Nothing Jesus did was insignificant. He chose the last day of the Feast of Tabernacles to promise the coming of the Spirit to the disciples. For you and me too, the eighth day is highly symbolic, as it involves the Spirit's work in our lives. I don't know if you ever noticed, but, the baptismal font here in the front of the church has eight sides to it. The eight sides aren't just a stylistic statement. Rather, they signify that the eighth day, "the great day," if you will, is the day of the new creation, and that that new creation begins here at God's font of grace where the water of new life is poured onto those who are parched and dying in a wilderness where there is nothing natural that can quench their rabid thirst.
The eighth day no longer served as the culmination of an annual festival. Rather, it would be the new reality for those born of water and the Spirit in Holy Baptism. "Behold, the old is drowned and the new is brought forth, in the image and likeness of God." The Spirit has been poured out and from that Spirit who now lives within us, living water flows.
Now, water, of course, can give and sustain life. But, it can also kill. So it is that the living water of the Spirit, that Spirit given to us in our baptisms, both kills and gives life. It kills when the Word of God condemns our unrighteous lives as an abomination to God. "You were dead," Paul says, "in your trespasses and sins, in which you formerly walked according to the prince of the power of the air." You and I look at the quandary in which St. Paul finds himself in Romans 7, lamenting over his inability to do what he knows is right, and we concur wholeheartedly with his sentiment. The struggle is good. It is the power of the Holy Spirit working in our hearts, convicting us of our absolute depravity and brokenness, of our need for God to set us free from this body of death.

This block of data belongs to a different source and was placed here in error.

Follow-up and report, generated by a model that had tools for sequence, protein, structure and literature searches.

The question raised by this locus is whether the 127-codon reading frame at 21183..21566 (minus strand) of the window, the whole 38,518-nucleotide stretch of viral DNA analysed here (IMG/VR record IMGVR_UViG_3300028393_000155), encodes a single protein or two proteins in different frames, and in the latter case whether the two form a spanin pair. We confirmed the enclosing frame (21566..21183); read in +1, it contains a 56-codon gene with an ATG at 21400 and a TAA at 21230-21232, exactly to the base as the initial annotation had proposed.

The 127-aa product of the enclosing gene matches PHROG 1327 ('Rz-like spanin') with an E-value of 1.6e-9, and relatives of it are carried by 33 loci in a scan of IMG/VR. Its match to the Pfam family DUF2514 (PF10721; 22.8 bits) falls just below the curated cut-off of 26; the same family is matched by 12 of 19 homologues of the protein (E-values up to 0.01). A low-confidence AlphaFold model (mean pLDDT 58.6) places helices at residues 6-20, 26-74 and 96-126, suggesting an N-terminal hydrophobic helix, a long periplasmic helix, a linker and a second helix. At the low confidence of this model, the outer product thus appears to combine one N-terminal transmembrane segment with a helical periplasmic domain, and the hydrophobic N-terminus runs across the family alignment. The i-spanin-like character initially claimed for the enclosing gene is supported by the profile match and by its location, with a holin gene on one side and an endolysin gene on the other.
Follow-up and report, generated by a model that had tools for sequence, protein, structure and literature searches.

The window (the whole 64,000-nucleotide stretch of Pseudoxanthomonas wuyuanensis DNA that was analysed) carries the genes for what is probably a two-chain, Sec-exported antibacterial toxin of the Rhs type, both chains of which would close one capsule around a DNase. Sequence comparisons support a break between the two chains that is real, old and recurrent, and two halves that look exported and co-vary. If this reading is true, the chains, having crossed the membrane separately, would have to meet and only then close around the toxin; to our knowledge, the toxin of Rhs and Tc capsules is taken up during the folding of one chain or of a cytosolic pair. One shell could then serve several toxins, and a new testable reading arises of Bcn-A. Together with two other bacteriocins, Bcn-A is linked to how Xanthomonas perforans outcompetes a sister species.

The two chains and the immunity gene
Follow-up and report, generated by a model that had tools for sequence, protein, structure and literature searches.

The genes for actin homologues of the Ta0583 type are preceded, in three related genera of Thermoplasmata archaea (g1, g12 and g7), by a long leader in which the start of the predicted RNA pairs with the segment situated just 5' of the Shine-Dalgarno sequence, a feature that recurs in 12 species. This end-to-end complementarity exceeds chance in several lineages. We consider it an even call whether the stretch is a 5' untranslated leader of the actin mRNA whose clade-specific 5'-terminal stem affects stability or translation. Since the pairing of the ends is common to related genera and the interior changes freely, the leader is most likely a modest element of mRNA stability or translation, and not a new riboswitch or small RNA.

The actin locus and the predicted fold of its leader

The Spirit that God has poured out on us then quenches our thirst for forgiveness and grace, using the means of God's Word and His Sacraments. What we are isn't what we will be. And, what we are isn't what He sees. Rather, the Holy Spirit has convinced us that the Father sees in us the purity and the righteousness of His own dear Son. Therefore, there is no condemnation for those who are in Christ Jesus.
Friends, you are living in the midst of the eighth day, wherein God has created you anew through baptism and His Word. Of course, this day of grace is but an image of the final great day of restoration, the fulfillment of all things, which is yet to come. There will be a new heaven and new earth, as John saw in his vision. The old order of things will pass away. The struggle for righteousness as expressed by Paul, "the good that I would do I don't do, but, the very evil that hate, this is what I do," will come to an end. The saints triumphant, you and I, will rise in bright array and will gather around God's throne of grace and the Lamb, God's Lamb, will be in our midst.
"Shine in our hearts, O Spirit, precious light;
Teach us Jesus Christ to know aright
That we may abide in the Lord who bought us,
Till to our true home He has brought us.
Lord, have mercy."
In Jesus' name. Amen.
The peace of God that passes all understanding keep your hearts and minds in Christ Jesus unto life everlasting. Amen.
+ Soli Deo Gloria +